MOVIE REVIEW : Malle Dissects French Family Life in ‘Murmur of the Heart’

Times Film Critic

Young Laurent Chevalier, hero of Louis Malle’s sunnily sensual reissued “Murmur of the Heart” (opening Friday at the Music Hall) has a wide, droll mouth that curls up at the ends like a Picasso line drawing and ears almost like a faun’s. Something about that look, combined with his skinny skittishness, lets us tolerate 14-year-old Laurent even when he behaves like a consummate brat; when, for example, in an agony of jealousy he deliberately drops a bottle of milk for their aging family maid to clean up.

Also, it’s 1954. Horrific manners are the mark of the lordly young Frenchman, these three particularly; sons of a well-off Dijon gynecologist and his free-spirited Italian wife. Their world would change soon enough; it is already changing: the French are losing at Dien Bien Phu; in a little more than a decade, kids this age from the bourgeoisie would became radicalized.

Writer-director Malle, who wrote the film in one firestorm week in the spring of 1970 and finished it the following year, conjures up that family, that time, that insular smugness with a notable mixture of affection and observation. It’s his family, something we recognize even more clearly after “Au Revoir Les Enfants.”

Malle, too, had the two older brothers, the love for Charlie Parker and Jelly Roll Morton, the heart murmur and the summer at the spa that his young Laurent shares. Even the hilarious game of spinach tennis is from memory. But the funny, earthy, faintly unhappy Italian mother, Clara, a wild bird untamed by her 20 years stifled in the bosom of the French bourgeoisie, is Malle’s creation.


She has been given indelible life by Lea Massari, an apricot-colored goddess whose charm lies in her exuberance, her physicality, her very un -Frenchness, and in an utterly disarming sprinkling of freckles. Clara, the daughter of a radical political exile, was a 16-year-old visitor to France when Charles Chevalier (Daniel Gelin) became her first lover and then her husband, to the consternation of his moneyed parents.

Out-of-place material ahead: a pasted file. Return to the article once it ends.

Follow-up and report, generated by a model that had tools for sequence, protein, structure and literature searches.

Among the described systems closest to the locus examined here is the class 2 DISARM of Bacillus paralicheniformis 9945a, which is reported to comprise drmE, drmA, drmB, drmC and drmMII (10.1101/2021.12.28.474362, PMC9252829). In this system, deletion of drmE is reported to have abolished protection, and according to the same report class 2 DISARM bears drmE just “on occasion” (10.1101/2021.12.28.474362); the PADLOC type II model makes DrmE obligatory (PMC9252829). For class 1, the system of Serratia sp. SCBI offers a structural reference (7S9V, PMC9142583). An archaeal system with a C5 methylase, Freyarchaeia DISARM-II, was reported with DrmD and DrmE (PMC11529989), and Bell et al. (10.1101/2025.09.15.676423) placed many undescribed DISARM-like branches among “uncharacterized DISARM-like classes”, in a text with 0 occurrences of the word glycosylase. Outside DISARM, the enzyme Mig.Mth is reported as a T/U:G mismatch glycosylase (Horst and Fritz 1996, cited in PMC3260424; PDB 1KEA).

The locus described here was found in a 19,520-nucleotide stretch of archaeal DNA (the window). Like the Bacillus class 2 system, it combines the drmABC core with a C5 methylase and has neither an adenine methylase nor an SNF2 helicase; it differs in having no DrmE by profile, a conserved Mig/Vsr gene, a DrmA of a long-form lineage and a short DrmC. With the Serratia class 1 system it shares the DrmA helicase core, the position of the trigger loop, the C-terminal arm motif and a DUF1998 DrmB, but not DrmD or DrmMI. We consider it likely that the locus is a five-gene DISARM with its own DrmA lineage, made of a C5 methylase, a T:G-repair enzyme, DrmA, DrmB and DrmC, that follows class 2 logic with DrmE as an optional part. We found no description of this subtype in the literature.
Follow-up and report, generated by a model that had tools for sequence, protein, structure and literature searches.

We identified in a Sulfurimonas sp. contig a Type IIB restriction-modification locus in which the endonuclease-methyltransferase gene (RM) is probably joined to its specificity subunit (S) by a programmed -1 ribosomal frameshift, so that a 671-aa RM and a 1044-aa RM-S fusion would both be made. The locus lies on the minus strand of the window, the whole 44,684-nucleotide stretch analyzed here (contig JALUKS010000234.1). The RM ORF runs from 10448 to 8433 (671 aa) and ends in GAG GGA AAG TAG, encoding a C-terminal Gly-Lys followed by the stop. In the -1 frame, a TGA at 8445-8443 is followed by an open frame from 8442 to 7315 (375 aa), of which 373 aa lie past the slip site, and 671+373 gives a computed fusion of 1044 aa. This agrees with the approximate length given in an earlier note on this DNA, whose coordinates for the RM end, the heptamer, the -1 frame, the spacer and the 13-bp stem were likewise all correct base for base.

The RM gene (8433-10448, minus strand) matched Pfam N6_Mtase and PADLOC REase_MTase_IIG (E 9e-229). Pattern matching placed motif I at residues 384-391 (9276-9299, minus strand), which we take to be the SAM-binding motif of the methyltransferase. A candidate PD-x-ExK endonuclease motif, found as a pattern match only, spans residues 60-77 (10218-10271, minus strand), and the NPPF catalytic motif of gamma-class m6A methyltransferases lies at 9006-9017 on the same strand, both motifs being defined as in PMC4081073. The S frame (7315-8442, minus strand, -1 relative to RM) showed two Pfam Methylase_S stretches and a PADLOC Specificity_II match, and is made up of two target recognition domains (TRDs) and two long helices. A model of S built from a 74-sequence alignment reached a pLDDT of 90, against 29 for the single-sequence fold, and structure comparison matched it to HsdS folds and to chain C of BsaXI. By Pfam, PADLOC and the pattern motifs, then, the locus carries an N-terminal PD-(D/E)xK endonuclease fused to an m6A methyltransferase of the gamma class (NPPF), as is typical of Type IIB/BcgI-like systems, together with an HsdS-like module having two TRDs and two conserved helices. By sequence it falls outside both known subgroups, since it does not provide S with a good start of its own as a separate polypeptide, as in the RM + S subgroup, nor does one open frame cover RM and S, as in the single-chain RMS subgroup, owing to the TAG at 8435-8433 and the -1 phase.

Of their three sons, Laurent (Benoit Ferreux), the youngest, is her favorite. She adores and babies him; (somehow) he sees her spirit for what it is. His older brothers, Marc (Marc Winocourt) and Thomas (Fabien Ferreux, Benoit’s own brother) have fallen into the habit of putting her down, telling her that she couldn’t even pass their exams.

When scarlet fever leaves Laurent with a heart murmur, Clara goes with him to a health spa up in the mountains. The two are like one closed fist against the young prigs and Royalists Laurent encounters, these children of the stuffy, social French families who populate the spa. Clara, by being herself--playing her first game of tennis in sneakers and street clothes--seems marvelous to these 16- and 17-year-olds.

It’s at the spa, triggered by an evening of Bastille Day celebration, that the scene that made the film a cause celebre occurs. It’s a subdued, nuzzling moment between boy-child and intensely affectionate mother, when all his impacted jealousy, fascination, adoration and curiousity carry Laurent across the line into incest.


Eighteen years ago, some of us were so busy priding ourselves on being shockproof that we didn’t really think to question Malle further: to wonder at how firmly he denied the moment its reverberations--to both parties. If this was incest, tasteful, “open,” utterly without consequence, then what was all the fuss about? Actually, what today’s audiences may wonder is what the movie is about if this moment, toward which the film is so insistently pointed, is so without effect.

From today’s vantage point, “Murmur of the Heart’s” strongest memory becomes its climate: political, familial, full of warmth, family jokes and indulged bad manners, brotherly acts of rivalry and support. This may be just what Malle was aiming for: in his words, “a contemporary comedy of French bourgeois education.” (The film is MPAA-rated R.) What we see now is elegant detail, sharp observation, perfect performances (especially by Benoit Ferreux and the sublime Massari). And a possibly far-reaching moment that becomes simply one of those enigmatic Gallic shrugs.

Could it really be as weightless as all that? Perhaps. Possibly. One wonders.


An Orion Classics Release of a Co-production of Nouvelles Editions de Films; Marianne Productions (Paris), Vides Cinematographica (Rome), Franz Seitz Filmproduktion (Munich). Producers Vincent Malle, Claude Nedjar. Director, writer Louis Malle. Camera Richardo Aronovich. Costumes Ghislain Uhry. Music Charlie Parker, Sidney Bechet, Gaston Freche and Henri Renaud. Editor Suzanne Baron. Art direction Jean-Jacques Caziot, Philippe Turlure. Sound Jean-Claude Laureux, Michel Vionnet. With Lea Massari, Benoit Ferreux, Daniel Gelin, Marc Winocourt, Fabien Ferreux, Michel Lonsdale, Gila Von Weitershausen, Jacqueline Chauveau, Corinne Kersten.

MPAA-rated: R (under 17 requires accompanying parent or adult guardian).

Running time: 1 hour 58 minutes.